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Keith Marshall

Staff picture: Keith Marshall
Social, Economic and Geographical Sciences
Social, Economic and Geographical Sciences
Research Assistant in Environmental Governance
keith.marshall@hutton.ac.uk
+44 (0)1224 395406

The James Hutton Institute
Craigiebuckler
Aberdeen AB15 8QH
Scotland UK

 

I am a post-doctoral research assistant working in the Societies, Institutions and Governance sub-group of the Social, Economic and Geographical Sciences group here at the James Hutton Institute. I have a research and teaching background in resource management, conservation biology and habitat modelling for species conservation in the UK and overseas. I then moved, via studies on wildlife related human conflict, to researching issues around stakeholder attitudes, collaborative processes and governance structures in relation to natural resource management challenges.

 

After several years involvement in a UK wide, biodiversity focussed, Citizen Science project I am now using mainly qualitative approaches to assist in research projects to understand community responses to environmental issues including flood risk management and food poverty. 

Bibliography

  • MacMillan, D.C. and Marshall, K. (2004) Optimising capercailzie habitat in commercial forestry plantations., Forest Ecology and Management, 198, 351-365.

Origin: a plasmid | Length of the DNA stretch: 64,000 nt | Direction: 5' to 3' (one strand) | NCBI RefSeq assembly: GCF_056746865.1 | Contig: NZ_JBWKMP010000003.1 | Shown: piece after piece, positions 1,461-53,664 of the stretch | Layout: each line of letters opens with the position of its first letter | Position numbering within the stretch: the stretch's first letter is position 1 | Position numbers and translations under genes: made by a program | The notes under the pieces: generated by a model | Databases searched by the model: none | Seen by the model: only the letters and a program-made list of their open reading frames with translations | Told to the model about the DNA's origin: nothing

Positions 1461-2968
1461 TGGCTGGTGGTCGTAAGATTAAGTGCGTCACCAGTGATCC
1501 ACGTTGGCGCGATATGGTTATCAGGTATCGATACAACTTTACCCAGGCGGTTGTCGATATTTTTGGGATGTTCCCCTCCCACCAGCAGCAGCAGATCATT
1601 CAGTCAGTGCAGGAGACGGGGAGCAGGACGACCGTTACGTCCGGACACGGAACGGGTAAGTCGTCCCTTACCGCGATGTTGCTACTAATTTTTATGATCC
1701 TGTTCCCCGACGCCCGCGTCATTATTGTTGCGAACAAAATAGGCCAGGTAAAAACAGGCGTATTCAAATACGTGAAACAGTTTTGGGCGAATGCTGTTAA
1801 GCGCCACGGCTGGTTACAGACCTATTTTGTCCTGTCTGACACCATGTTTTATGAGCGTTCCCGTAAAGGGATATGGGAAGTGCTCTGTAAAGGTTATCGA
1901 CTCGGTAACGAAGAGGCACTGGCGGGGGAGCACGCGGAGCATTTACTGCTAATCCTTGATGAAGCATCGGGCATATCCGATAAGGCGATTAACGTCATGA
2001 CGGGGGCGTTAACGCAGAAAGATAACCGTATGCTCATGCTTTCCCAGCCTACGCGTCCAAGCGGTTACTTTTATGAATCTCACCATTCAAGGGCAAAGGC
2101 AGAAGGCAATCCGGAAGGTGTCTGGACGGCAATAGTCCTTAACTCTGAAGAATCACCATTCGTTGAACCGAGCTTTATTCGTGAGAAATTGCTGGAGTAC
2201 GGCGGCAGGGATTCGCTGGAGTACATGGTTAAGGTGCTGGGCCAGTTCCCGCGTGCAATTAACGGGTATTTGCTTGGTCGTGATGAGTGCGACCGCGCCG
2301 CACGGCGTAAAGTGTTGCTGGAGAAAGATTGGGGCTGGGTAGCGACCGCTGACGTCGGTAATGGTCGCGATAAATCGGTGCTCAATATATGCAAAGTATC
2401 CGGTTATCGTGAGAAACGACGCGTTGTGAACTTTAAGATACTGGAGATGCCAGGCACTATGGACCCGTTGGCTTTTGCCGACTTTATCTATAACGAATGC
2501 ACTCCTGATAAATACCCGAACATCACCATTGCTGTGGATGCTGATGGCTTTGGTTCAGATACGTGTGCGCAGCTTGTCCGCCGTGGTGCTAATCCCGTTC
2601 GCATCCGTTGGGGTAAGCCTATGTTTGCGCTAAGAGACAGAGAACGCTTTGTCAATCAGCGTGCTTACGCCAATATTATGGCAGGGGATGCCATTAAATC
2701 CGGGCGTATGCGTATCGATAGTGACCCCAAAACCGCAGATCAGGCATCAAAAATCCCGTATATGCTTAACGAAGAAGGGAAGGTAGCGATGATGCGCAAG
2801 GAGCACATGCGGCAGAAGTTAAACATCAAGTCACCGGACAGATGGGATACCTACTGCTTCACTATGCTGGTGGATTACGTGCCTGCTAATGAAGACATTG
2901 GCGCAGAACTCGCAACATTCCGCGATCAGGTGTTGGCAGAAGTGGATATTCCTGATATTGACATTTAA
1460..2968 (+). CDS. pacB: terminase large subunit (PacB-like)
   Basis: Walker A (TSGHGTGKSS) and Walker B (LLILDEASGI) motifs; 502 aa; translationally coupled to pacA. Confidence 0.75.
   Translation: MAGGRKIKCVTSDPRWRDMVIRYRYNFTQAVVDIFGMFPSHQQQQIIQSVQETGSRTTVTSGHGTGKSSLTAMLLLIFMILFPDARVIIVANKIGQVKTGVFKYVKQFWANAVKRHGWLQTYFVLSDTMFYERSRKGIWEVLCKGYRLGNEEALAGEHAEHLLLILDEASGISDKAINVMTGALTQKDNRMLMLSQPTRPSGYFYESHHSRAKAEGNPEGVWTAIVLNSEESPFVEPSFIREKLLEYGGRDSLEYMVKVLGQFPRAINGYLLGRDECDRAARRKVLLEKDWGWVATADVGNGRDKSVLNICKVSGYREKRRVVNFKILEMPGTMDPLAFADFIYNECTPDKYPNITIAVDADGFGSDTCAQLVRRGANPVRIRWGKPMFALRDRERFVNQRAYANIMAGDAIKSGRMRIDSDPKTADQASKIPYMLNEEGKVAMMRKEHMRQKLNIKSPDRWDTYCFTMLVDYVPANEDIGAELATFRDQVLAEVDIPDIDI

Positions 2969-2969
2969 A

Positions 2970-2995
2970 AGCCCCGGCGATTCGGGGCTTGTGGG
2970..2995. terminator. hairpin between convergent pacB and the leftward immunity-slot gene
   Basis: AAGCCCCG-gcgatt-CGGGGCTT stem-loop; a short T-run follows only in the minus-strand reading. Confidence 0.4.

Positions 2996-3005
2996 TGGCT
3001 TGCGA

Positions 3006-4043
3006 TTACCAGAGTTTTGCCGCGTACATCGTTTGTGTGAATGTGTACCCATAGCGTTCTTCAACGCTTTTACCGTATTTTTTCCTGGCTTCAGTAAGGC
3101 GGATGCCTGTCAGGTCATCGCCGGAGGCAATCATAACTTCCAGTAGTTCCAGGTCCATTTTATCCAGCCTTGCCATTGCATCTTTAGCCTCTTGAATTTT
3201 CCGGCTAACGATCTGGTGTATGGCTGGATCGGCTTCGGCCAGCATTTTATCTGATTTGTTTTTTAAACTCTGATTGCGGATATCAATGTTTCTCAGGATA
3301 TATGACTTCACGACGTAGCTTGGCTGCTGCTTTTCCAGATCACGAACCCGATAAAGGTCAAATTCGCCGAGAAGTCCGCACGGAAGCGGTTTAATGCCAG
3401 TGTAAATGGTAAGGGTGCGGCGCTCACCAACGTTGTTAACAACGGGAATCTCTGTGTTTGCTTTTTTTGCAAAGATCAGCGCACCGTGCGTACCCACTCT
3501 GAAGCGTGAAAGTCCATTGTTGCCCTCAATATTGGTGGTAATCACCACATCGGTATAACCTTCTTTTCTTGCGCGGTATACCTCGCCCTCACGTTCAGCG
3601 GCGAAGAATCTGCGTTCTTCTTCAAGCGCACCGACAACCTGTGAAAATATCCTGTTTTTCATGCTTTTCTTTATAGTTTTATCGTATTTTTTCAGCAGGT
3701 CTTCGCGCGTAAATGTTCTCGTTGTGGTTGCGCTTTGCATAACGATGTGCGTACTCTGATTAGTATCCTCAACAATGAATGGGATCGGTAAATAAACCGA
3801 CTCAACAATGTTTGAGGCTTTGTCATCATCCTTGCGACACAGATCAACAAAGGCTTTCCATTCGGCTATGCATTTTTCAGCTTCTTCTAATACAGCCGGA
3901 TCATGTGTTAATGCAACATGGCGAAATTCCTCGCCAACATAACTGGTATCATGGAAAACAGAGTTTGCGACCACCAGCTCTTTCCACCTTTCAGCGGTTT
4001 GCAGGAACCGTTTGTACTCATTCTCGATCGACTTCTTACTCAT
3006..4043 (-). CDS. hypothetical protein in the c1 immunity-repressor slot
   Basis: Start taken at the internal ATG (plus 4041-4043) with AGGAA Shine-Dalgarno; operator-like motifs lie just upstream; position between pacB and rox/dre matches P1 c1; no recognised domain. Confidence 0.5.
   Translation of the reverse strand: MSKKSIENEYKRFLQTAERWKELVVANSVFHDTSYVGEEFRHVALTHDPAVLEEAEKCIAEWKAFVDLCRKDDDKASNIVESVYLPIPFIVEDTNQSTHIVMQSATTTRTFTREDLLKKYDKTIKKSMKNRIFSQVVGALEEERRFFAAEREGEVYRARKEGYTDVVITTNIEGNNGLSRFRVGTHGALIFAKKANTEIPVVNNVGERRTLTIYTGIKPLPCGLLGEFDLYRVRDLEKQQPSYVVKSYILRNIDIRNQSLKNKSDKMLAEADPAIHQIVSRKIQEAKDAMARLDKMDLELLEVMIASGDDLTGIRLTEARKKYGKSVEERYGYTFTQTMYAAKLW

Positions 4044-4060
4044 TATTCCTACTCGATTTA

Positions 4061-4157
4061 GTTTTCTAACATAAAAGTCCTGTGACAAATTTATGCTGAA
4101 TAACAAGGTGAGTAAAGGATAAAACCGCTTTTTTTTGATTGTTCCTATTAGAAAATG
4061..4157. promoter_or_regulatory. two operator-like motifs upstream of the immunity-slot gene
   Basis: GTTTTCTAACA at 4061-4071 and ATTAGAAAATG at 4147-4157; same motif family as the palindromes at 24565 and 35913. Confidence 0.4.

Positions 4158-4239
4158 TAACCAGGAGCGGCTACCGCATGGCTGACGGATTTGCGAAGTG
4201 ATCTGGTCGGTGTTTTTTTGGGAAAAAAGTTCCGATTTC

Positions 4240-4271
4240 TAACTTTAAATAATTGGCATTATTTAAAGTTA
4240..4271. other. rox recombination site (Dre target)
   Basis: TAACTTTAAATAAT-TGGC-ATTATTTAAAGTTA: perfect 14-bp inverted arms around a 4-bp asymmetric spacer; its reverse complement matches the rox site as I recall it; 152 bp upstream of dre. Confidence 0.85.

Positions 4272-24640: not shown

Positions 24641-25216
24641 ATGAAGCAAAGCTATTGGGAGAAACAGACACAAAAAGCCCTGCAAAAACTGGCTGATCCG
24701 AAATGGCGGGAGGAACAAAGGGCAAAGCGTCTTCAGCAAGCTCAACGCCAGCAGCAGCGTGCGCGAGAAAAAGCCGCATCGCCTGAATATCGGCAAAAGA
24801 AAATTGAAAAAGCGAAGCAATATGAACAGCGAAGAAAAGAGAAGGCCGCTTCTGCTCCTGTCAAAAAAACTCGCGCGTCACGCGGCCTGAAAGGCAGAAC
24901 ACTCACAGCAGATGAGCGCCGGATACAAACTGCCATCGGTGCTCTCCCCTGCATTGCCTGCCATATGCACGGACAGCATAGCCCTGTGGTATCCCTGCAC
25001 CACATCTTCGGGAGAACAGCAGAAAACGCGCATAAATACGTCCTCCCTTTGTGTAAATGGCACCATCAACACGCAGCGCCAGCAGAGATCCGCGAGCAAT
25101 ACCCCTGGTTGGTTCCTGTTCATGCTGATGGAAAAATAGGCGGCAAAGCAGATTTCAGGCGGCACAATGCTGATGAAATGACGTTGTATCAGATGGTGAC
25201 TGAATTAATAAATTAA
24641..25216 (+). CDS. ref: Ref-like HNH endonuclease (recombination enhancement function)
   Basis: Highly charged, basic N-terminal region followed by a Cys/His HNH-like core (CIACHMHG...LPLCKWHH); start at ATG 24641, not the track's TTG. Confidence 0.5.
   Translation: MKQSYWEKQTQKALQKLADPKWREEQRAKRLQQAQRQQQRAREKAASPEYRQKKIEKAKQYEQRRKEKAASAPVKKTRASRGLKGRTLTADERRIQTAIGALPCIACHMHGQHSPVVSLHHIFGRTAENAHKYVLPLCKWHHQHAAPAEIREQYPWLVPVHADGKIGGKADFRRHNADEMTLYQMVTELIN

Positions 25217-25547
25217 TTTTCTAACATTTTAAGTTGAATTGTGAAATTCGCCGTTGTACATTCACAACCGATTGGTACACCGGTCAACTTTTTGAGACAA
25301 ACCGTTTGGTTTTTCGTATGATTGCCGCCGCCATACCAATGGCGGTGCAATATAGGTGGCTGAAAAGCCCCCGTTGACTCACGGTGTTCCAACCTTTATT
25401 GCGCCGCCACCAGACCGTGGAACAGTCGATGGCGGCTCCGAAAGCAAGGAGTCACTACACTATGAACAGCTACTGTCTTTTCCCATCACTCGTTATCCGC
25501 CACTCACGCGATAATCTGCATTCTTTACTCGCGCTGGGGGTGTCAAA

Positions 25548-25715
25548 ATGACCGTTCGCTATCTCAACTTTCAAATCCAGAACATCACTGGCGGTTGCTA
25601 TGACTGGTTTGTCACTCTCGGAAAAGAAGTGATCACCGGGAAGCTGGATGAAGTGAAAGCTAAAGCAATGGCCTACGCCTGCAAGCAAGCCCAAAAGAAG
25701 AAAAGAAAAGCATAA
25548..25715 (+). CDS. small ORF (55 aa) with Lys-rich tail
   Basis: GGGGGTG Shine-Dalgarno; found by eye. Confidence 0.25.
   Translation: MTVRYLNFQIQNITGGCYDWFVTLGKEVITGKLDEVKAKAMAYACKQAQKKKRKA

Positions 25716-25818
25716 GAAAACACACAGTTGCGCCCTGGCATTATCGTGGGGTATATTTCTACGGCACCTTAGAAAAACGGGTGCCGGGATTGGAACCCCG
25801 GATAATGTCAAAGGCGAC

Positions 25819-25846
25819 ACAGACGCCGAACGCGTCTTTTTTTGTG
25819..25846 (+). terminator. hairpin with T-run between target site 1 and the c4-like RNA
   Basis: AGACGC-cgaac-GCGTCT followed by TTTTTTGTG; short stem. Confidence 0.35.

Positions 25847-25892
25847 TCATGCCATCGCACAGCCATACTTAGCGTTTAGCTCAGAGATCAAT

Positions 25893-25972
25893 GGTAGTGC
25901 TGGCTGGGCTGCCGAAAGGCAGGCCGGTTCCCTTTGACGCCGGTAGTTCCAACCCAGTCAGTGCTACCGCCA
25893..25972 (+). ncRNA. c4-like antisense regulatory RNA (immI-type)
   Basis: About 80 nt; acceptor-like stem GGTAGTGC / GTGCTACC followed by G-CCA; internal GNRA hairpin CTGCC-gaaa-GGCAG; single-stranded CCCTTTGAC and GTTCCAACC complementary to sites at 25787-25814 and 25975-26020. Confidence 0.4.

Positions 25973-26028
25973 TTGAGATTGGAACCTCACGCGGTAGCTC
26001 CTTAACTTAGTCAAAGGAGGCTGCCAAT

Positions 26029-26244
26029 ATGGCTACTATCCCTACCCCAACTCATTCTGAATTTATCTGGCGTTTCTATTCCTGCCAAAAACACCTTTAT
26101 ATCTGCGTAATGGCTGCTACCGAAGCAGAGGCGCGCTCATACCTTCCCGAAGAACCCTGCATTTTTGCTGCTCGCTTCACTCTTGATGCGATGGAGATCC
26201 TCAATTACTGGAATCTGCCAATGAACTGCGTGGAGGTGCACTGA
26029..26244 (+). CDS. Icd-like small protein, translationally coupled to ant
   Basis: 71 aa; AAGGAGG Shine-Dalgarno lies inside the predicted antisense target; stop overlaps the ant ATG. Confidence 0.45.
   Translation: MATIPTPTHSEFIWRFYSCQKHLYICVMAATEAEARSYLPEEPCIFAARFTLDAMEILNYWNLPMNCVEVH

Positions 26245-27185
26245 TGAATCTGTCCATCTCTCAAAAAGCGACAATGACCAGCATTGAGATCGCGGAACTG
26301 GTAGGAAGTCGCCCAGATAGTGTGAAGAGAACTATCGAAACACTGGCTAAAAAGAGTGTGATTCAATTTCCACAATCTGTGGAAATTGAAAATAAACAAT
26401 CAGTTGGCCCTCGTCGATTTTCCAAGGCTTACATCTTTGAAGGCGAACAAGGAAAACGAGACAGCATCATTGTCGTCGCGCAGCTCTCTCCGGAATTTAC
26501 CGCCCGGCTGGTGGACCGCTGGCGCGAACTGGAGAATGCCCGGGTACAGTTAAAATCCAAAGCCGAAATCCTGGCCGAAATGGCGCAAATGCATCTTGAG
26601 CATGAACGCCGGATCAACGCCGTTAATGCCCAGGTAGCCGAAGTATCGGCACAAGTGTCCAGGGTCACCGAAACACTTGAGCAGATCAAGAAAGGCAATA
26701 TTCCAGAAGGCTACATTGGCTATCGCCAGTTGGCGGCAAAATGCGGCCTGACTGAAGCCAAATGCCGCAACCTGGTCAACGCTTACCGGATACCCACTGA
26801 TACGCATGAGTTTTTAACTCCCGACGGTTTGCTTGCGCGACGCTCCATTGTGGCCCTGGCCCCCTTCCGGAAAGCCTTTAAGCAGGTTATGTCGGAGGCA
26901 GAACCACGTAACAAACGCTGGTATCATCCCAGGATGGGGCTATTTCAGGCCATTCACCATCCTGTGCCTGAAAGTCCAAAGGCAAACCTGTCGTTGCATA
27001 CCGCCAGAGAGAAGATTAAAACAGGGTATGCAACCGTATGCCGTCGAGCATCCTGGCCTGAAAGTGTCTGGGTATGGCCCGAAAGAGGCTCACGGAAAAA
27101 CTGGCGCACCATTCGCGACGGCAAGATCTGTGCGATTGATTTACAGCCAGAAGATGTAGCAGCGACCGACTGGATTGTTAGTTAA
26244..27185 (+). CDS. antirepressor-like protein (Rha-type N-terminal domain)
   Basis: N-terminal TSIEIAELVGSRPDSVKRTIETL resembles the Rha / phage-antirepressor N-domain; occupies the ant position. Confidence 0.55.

• Welsh, D.; Scott, D.; Staines, B.; Stiolte, A.; Marshall, K. (1995) Monitoring the effects of fencing out red deer at Ballochbuie pinewood. Report for 1994 and 1995., Institute of Terrestrial Ecology Report, October 1995, 18pp.

  • Waylen, K.A.; Marshall, K.; Blackstock, K.L. (2019) Reviewing current understanding on catchment partnerships., Project Report by the James Hutton Institute.
  • Marshall, K. (2011) Stakeholder engagement in collaborative catchment management., Contract Report to University of Newcastle, 2 November 2011.
  • York, C.; Morris, T.; Marshall, K.; Cummins, R.P. (2010) Monitoring the impacts of recreational activities on the designated wildlife sites in and around Loch Lomond., Final Report to Loch Lomond and Trossachs National Park Authority.

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The James Hutton Research Institute is the result of the merger in April 2011 of MLURI and SCRI. This merger formed a new powerhouse for research into food, land use, and climate change.